In the second Criptiques Podcast, guest Cheryl Green hilariously dismantles a staple of the disability community … “raising awareness”. She rightly skewers the ill-defined goals and bizarre stunts people think up in the name of promoting “disability awareness”.

I think that a lot of disabled people, themselves, rally around "raising awareness" because "awareness" to them means an ideal situation in which they wouldn't have to explain their disabilities to people anymore. When we someday achieve the desired state of “disability awareness”, people will just know what's up with our disabilities, and will correctly anticipate our needs. More importantly, they won’t misunderstand us anymore. They won’t assume we are drunk, drugged, mentally impaired, sad, incompetent, narrow, self-centered, awkward, boring, unpredictable, angry, bitter, or angelic anymore … just because we bear markers of some disability or other.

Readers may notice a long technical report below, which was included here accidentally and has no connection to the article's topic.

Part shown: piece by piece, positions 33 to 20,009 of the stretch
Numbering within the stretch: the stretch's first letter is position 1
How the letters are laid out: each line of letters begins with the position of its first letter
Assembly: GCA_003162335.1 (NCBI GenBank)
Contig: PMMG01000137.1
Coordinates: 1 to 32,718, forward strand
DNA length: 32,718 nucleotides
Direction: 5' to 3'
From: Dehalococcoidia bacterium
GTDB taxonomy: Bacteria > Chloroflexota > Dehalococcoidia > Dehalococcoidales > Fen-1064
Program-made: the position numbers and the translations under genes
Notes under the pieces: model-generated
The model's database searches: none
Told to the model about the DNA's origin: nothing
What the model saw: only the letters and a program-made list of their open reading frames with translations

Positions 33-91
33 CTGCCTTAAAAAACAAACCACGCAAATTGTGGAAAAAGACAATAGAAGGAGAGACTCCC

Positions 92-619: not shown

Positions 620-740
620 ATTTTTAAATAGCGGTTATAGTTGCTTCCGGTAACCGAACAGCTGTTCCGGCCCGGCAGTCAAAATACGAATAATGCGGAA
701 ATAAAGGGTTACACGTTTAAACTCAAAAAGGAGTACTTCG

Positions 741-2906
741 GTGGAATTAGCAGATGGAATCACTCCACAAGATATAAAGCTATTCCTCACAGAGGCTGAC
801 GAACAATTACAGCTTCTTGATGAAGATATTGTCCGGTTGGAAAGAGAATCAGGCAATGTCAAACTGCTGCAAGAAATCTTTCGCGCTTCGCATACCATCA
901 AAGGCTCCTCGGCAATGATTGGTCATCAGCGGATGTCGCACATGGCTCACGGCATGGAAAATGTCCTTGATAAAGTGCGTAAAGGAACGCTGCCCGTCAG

One problem with this is that it's impossible for everyone to become fully aware of every disability. At best, we might hope for broad understanding of a few basic concepts about all disabilities. If awareness efforts aim for something like that, then I'm all for it. But most "awareness" campaigns focus on specific disabilities or diagnoses, which is both too narrow and too ambitious. Or, the goals are so vague that the word “awareness” itself loses all meaning.